World Bank Pledges $37 Million to Help Lebanon Teachers
The World Bank said it has agreed with its partners to repurpose $37 million in funds to help Lebanon's public school teachers survive a crushing economic crisis.
The World Bank and the UK Foreign, Commonwealth and Development Office would divert the money from the Lebanon Syrian Crisis Trust Fund, which aims to assist Lebanese communities accommodating Syrian refugees, the bank said in a statement.
It would be used to "provide financial incentives to public school teachers suffering from the severe economic and financial crisis in Lebanon to ensure they can purchase fuel to travel to work," the statement added.
The "exceptional" financing, which is valid only for the 2021-2022 academic year, came at the request of Lebanon's government, the bank said.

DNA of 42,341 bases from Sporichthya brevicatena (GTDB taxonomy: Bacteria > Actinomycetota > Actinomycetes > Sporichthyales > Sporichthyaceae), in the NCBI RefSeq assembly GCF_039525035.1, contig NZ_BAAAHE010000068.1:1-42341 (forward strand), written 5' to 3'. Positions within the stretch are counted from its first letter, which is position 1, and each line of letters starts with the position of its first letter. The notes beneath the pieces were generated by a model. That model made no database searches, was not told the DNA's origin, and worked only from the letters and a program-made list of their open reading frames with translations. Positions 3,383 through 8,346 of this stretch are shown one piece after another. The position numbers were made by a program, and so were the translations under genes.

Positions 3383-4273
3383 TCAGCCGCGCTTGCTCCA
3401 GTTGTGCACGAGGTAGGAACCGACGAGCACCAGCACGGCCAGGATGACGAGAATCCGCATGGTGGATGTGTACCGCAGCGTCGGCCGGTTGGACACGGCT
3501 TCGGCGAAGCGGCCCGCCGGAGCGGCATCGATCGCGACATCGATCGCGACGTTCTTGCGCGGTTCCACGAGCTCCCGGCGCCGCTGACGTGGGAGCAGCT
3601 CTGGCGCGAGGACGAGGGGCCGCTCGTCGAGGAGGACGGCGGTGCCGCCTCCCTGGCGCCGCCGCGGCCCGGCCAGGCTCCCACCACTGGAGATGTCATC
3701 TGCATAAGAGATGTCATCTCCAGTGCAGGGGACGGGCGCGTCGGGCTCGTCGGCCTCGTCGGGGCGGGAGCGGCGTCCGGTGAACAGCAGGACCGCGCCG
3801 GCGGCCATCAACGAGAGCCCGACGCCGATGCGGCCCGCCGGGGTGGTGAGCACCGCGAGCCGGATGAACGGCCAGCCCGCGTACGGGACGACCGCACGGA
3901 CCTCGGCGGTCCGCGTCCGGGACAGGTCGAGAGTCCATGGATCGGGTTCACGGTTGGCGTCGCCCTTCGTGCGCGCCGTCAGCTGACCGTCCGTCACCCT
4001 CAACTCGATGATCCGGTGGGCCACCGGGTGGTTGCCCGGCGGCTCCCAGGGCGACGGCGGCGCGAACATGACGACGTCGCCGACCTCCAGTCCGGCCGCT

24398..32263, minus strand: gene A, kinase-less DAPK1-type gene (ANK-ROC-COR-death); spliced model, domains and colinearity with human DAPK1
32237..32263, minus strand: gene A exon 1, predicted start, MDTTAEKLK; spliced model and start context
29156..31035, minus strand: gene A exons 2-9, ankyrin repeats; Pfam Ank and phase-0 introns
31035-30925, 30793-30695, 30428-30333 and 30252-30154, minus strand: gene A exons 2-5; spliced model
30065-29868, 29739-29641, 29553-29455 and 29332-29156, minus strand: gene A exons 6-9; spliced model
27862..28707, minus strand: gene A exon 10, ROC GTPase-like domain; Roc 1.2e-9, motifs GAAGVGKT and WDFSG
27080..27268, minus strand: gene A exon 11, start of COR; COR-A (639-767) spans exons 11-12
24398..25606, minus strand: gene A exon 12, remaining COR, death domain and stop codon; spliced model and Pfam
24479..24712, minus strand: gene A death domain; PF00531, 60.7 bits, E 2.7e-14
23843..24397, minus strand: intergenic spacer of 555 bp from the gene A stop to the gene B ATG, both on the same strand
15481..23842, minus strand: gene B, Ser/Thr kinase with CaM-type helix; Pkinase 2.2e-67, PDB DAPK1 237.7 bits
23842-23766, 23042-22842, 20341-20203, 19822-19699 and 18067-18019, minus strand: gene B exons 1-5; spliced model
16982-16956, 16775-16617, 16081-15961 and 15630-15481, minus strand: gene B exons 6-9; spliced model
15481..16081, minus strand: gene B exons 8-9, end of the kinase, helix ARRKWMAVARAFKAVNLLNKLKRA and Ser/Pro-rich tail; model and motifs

Lebanon, home to more than one million refugees from war-torn Syria, is grappling with an economic crisis that the World Bank has branded as one of the worst the world has seen in modern times.
More than 80 percent of the population lives in poverty and the local currency, the pound, has lost 90 percent of its value against the dollar on the black market.
Public school teachers who were already underpaid before the onset of the economic crisis two years ago have since been pushed deeper into poverty.
Their salaries in pounds are a fraction of what they used to be due to the currency's rapid devaluation.
Many cannot afford to purchase fuel to go to work after the government gradually lifted subsidies causing the price of hydrocarbons to more than quadruple within a few months.
To fill a medium-sized vehicle's tank, Lebanese motorists would now have to pay more than the monthly minimum wage of 675,000 pounds ($25).